Wolfenstein: The New Order surprised many with its smooth-as-butter gameplay, over-the-top action, and more importantly excellent campaign. Now, a few years later the sequel, Wolfenstein II: The New Colossus, has arrived. So, is chewing bubble gum and killing Nazi’s just as fun, as it was in the previous game or has the sequel lost the charm of its predecessor?
Wolfenstein: II The New Colossus kicks off where The New Order ended with our hero and all around Nazi killing machine. B.J Blazkowicz is badly wounded and barely alive as he tries to heal aboard the stolen U-boat Eva’s Hammer. However, it doesn’t take long for all hell to break loose. B.J needs to pull himself together, ignore the pain and once again take on the Nazi threat. With the Nazi’s successfully crushing the U.S. in World War 2 and ruling over the once free country with an iron fist, it’s up to our protagonist and his rag-tag bunch of rebels to make the U.S. free once more.
Where The New Order did have a few heart-warming moments in-between all the killing, Wolfenstein II: The New Colossus ups the ante by showing us more of our hero and his past. Without spoiling too much, we get to see some flashbacks of B.J’s traumatic childhood, which was quite difficult to watch. You see, while the game does have it’s over the top moments filled with ridiculous action, there are also more serious, tense and brutal moments. It’s in these sometimes quieter sections that we realize that B.J doesn’t see himself as the hero but rather a man willing to fight for what he believes in. It’s these moments of inner monologue that shines a new light on the muscle-bound dual wielding hero we’ve come to know. It’s refreshing to see the side that doubts himself and the side that fears for the ones he loves.
The game also needs to be commended for the way in which it approaches the difficult subject matter. These situations are mostly handled in a humorous way, although there are times when the game touches on more sensitive or controversial topics.
Luckily, B.J won’t have to take on the Nazi threat alone as he is joined by a delightfully zany and sometimes tragic bunch of characters. It’s when we dive a bit deeper into each supporting character and what motivates them that we come to realise just how terrible and emotionally scarring the war was and still is. Although B.J will interact with these charters throughout the campaign, its when strolling through the U-boat and listening to the conversations between them that we learn more about each of their personal tales. While this might seem like a small thing, the well-written characters, along with superb voice acting, make you care enough about each character’s plight, giving you a reason for fighting. As we all know, a hero is only as good as their villain, which in this case is the vaguely deranged and utterly sadistic Frau Engel, who finds a terrifying joy in hunting down B.J and his friends. There is no question that she steals the show with her over-the-top and even frightening presence.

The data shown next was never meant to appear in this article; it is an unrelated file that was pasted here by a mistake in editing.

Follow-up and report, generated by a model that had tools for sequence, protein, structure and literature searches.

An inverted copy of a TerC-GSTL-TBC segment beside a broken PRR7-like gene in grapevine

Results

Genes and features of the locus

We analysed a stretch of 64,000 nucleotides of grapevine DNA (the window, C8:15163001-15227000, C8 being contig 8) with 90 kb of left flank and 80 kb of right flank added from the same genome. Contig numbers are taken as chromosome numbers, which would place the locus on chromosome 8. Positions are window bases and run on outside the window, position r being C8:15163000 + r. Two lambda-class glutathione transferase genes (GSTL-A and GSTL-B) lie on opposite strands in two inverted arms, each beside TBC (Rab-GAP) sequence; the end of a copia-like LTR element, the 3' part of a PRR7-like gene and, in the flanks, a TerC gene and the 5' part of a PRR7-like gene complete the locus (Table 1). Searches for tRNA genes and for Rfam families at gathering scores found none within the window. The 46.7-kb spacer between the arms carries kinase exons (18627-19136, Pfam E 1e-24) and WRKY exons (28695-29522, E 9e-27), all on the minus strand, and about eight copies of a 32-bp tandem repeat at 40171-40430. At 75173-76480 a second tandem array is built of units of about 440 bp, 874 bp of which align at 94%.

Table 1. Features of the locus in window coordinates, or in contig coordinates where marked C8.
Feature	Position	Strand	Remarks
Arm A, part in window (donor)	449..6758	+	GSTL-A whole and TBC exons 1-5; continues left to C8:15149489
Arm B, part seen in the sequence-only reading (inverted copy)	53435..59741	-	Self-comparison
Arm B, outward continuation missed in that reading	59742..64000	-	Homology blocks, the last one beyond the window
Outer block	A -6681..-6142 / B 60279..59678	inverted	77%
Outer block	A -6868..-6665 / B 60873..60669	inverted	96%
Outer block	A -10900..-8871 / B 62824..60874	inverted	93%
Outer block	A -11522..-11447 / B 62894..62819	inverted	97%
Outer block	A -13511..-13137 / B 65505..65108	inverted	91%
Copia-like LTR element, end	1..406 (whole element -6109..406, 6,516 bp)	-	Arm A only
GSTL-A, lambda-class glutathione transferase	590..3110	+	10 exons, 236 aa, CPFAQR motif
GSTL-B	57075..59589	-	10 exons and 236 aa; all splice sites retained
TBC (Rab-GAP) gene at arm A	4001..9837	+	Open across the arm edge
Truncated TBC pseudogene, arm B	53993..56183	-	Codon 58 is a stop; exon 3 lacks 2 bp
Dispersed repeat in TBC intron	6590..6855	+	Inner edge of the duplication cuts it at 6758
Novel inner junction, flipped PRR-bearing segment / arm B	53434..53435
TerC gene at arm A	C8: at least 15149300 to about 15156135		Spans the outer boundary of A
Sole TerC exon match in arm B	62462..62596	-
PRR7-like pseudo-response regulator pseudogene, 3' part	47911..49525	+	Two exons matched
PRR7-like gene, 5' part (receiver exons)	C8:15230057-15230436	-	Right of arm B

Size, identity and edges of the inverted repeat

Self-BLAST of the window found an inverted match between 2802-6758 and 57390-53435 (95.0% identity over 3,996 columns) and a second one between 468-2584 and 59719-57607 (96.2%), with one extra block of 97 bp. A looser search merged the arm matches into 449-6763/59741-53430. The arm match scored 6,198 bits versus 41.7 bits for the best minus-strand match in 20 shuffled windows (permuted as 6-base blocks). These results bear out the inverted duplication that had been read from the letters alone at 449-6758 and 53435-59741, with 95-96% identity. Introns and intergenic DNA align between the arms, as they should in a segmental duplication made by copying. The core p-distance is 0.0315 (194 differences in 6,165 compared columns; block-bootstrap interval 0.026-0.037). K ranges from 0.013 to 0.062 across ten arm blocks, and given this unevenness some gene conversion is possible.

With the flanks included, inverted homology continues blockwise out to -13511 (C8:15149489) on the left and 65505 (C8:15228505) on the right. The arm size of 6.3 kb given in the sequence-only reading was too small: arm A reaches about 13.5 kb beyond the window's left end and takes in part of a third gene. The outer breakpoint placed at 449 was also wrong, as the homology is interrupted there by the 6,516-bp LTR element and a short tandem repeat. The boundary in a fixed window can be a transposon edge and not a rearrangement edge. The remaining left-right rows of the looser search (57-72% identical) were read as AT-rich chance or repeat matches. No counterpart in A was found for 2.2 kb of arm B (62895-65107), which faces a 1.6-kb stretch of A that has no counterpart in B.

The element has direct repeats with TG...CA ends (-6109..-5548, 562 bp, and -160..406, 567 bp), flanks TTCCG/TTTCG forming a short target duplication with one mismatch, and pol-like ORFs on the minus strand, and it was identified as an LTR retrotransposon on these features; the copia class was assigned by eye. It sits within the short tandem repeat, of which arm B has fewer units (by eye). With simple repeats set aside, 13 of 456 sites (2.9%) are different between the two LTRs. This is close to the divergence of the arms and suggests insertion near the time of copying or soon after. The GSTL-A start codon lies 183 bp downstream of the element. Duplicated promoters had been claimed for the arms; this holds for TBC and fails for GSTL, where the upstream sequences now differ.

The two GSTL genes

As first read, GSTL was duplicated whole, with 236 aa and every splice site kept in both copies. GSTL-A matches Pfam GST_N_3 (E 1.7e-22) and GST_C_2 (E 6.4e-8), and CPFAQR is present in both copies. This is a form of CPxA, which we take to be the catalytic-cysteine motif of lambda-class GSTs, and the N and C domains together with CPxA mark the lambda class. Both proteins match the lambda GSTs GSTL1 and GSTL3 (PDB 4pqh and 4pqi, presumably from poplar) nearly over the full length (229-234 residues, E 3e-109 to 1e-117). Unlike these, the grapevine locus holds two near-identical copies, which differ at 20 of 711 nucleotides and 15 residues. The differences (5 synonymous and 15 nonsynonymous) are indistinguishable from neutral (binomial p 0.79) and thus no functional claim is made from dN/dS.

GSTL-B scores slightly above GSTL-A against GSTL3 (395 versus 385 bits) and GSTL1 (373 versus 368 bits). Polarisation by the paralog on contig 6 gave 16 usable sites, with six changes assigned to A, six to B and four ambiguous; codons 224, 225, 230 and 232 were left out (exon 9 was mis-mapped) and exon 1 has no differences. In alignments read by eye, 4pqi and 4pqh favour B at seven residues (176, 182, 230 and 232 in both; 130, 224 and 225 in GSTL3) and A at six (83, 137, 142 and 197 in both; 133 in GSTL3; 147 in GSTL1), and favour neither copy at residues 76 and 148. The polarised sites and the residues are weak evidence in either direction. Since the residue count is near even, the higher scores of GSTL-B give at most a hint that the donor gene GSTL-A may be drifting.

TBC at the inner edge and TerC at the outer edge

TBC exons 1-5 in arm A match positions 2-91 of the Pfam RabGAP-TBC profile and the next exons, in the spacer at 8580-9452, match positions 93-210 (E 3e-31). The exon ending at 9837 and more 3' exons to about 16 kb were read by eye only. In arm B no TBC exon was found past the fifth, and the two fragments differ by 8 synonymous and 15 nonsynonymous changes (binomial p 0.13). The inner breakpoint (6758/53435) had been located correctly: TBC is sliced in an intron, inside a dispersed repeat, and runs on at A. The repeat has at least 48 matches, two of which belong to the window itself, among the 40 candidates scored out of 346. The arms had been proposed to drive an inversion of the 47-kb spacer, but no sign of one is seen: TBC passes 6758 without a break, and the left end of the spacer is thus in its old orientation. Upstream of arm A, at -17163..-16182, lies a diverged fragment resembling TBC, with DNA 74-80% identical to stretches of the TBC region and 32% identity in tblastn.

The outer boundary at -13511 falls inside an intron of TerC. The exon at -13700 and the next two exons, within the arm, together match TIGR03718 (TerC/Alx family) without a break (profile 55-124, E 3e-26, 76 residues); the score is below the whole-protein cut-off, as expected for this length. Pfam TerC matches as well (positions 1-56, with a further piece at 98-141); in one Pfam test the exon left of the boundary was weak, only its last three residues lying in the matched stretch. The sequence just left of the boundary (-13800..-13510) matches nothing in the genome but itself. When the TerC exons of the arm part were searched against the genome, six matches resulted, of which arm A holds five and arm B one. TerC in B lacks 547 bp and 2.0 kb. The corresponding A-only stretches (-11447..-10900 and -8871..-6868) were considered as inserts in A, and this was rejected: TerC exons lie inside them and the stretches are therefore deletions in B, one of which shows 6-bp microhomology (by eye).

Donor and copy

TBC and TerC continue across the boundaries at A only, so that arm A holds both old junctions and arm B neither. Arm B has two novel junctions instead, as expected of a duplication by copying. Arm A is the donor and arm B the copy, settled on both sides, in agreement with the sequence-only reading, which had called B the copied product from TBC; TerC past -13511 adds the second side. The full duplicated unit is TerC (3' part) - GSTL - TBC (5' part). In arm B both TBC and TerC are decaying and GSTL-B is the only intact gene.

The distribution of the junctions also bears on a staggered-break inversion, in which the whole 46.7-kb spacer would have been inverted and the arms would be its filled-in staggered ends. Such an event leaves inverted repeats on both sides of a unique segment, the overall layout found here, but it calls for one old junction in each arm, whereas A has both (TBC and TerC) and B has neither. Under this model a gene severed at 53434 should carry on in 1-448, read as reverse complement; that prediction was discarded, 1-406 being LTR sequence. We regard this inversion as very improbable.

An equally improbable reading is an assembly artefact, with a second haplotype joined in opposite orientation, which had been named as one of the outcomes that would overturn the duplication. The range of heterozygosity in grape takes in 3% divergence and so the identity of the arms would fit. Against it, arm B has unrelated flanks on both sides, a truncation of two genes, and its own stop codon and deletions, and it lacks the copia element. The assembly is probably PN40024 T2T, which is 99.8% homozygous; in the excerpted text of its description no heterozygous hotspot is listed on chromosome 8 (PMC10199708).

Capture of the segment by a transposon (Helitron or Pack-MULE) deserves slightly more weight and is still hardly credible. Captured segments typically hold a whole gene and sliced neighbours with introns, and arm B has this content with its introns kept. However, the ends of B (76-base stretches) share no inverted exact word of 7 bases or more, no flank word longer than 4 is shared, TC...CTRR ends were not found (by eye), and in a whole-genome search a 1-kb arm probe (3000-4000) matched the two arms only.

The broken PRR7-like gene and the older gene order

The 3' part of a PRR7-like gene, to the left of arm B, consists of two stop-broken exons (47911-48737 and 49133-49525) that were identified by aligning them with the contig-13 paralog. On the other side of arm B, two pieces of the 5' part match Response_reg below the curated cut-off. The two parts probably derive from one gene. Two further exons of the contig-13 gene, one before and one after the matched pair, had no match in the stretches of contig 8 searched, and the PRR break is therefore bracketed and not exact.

We all know that the main draw of Wolfenstein II: The New Colossus is depositing loads (and loads) of lead into Nazis of all shapes and sizes. Just when you thought The New Order was the pinnacle of old school shooters with its incredibly smooth gameplay, the new instalment comes along and improves on almost all of the previous game’s mechanics. Combat feels fast-paced and frantic. Firing weapons and finding your mark feels satisfying and dual-wielding is a treat. Killing Nazis still mostly consists of going in guns-blazing or sneaking around and thinning the heard without the pesky alarm going off.
There were a few times when frustration set in as I faced off against what seemed like an overwhelming group of enemy soldiers while stuck in a narrow corridor. These frustrations aside, for the most part, combat is a thoroughly enjoyable affair.
As players start racking up the body count, they’ll find upgrade kits hidden throughout the levels. These allow weapons to be upgraded. For instance, a weapon can be upgraded with a scope or extra ammo capacity, allowing them to be tailored to fit your playstyle. These come in quite handy, considering that B.J can die much quicker than you might expect if you aren’t careful. There are some truly brutal difficulty spikes (although nothing that a pair of big guns and well-placed shots can’t take care of).
Although combat in Wolfenstein II: The New Colossus takes place in various Nazi facilities, it was the non-combat sections, such as exploring a Nazi-occupied town, that left me wanting more. It’s amazing just how much effort and detail Machine Games put into creating these environments. While they are filled with weird and wonderful technologies and characters, they still manage to feel grounded in reality, as if this could happen. It’s quite jarring seeing a member of the Ku Klux Klan conversing with a Nazi soldier in the middle of an American town. I only wish that we got to explore this side of Nazi-occupied America even more, maybe find out more about what everyday life would be like under Nazi rule.
This game is a near perfect throwback to old-school shooters. However, it also manages to innovate, especially when considering the emotional, surprisingly deep and even disturbing narrative. Wolfenstein II: The New Colossus has shown that an over-the-top first-person shooter can also have a great deal of heart.